©2011 by Linda Watanabe McFerrin
Talk about spooky characters! I am sitting at a coffee shop in Washington D.C., talking to Oleg Kalugin, former head of KGB operations, getting a warm, fuzzy, feeling … and it is creeping me out. This friendly man, in whom I find it so easy to confide, once received high honors for the assassination of Bulgarian writer Georgi Markov; though KGB chief Yuri Andropov probably ordered the hit. Admittedly, I’m already in a heightened state of excitation, having just visited the International Spy Museum, an operation dedicated to the art of espionage, for which Mr. Kalugin serves as an advisory director, but still ….
I am actually in Washington on government business, helping an agency give money away to arts organizations all over the country. It is a tedious affair trying to slice up a pie that is nowhere near big enough. The International Spy Museum and the chat with Oleg Kalugin are my idea of adding a bit of—how shall I say it—a thrill to the visit. The museum and the chat have been thrilling. I have an almost unhealthy interest in investigation, particularly of the clandestine variety, as part of my work as a writer and certainly in relation to my novel, Dead Love. In Dead Love, The Consortium, an evil organization run by the dastardly Christian Orison, is threatened with exposure and strikes back in nefarious ways with the help of a shape-shifting ghoul. My book is a global supernatural thriller with an international chase full of torturous twists and turns, and I need to know plenty about covert operations in order to make it real.
At the International Spy Museum I have learned about bugs and drops and micro-devices and, most significantly, about creating what spies call “a cover.” The fabrication of a fictitious personality and a past that supports it—from sales slips for items never purchased to passports, entire families, and tickets to events never attended—strikes me as the essence of what writers must do when creating a character. I know that my characters often become so real that I have trouble confining them to the works for which they were generated. A really well drawn character will speak to me, maybe even start making demands. Erin, Christian’s daughter in the novel, who almost becomes a zombie, now has her own website where she blogs every day on The Daily Slice. She’s even been a guest blogger for other sites. Clément, the aforementioned ghoul and master at assuming identities—he changes bodies like humans change clothes—is demanding top billing in a book of his own. In other words, a well-invented character has an authenticity that it should be hard to question.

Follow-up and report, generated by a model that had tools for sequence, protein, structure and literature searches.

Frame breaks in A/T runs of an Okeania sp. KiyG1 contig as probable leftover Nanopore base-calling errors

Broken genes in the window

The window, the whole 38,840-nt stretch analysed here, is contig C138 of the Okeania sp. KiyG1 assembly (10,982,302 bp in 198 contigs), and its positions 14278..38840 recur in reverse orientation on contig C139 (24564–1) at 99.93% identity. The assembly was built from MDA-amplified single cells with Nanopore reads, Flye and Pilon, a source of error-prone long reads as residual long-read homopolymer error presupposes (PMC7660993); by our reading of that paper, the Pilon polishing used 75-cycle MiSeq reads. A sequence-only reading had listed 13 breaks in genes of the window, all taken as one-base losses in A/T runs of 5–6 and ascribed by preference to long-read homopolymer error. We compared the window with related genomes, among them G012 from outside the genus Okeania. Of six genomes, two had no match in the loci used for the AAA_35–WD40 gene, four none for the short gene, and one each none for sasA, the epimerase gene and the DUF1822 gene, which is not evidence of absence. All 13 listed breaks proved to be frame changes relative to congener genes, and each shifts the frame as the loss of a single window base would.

My website features a quote by Jessamyn West: “Fiction reveals truths that reality obscures.” Uncovering the truth that lies hidden seems to be at the root of the most alluring tales. Writers are experts at this, and it is a known fact that inventive writers make very good spies. One of my uncles was an American war correspondent and a spy. When he died at an advanced age; the real stories were buried with him.
When I think about it, a lot of my favorite authors were spies. Anthony Burgess, who wrote A Clockwork Orange and Tremor of Intent worked for British Army Intelligence in WWII. John le Carré (real name: David Cornwall); author of Tinker, Tailor, Soldier, Spy; Smiley’s People; and more, worked for British Intelligence during the Cold War. Ian Fleming worked for British Naval Intelligence and our own André Le Gallo, Left Coast Writer and author of The Caliphate served as the National Intelligence Officer for Counterterrorism for the CIA.
There is one little problem for both spies and authors, particularly writers of fiction. When you are inventing people and worlds, the line between truth and fiction seems to blur. But haven’t we learned, post Einstein, that everything, including the truth, is relative? Well, that opens up a whole can of worms, many of which like playing with the characters in Dead Love. As for me, I’m recruiting for my own spy ring, the Z.I.A., or Zombie Intelligence Agency; their mission is to report to me on all matters zombie. How to join? It’s no secret. Just send Erin a note on Facebook.
©2010 by Linda Watanabe McFerrin
Poet, travel writer and novelist Linda Watanabe McFerrin (www.lwmcferrin.com), is the founder of Left Coast Writers®. She has been traveling since she was two and writing about it since she was six. A contributor to numerous journals, newspapers, magazines, anthologies and online publications, she is the author of two poetry collections, an award-winning novel (Namako: Sea Cucumber) and short story collection (The Hand of Buddha), and the editor of a travel guidebook (Best Places Northern California, 4th ed.) and four literary anthologies.
A past winner of the Katherine Anne Porter Prize for Fiction she teaches and leads workshops in fiction and creative non-fiction. Her latest novel, Dead Love, is available now from Stone Bridge Press.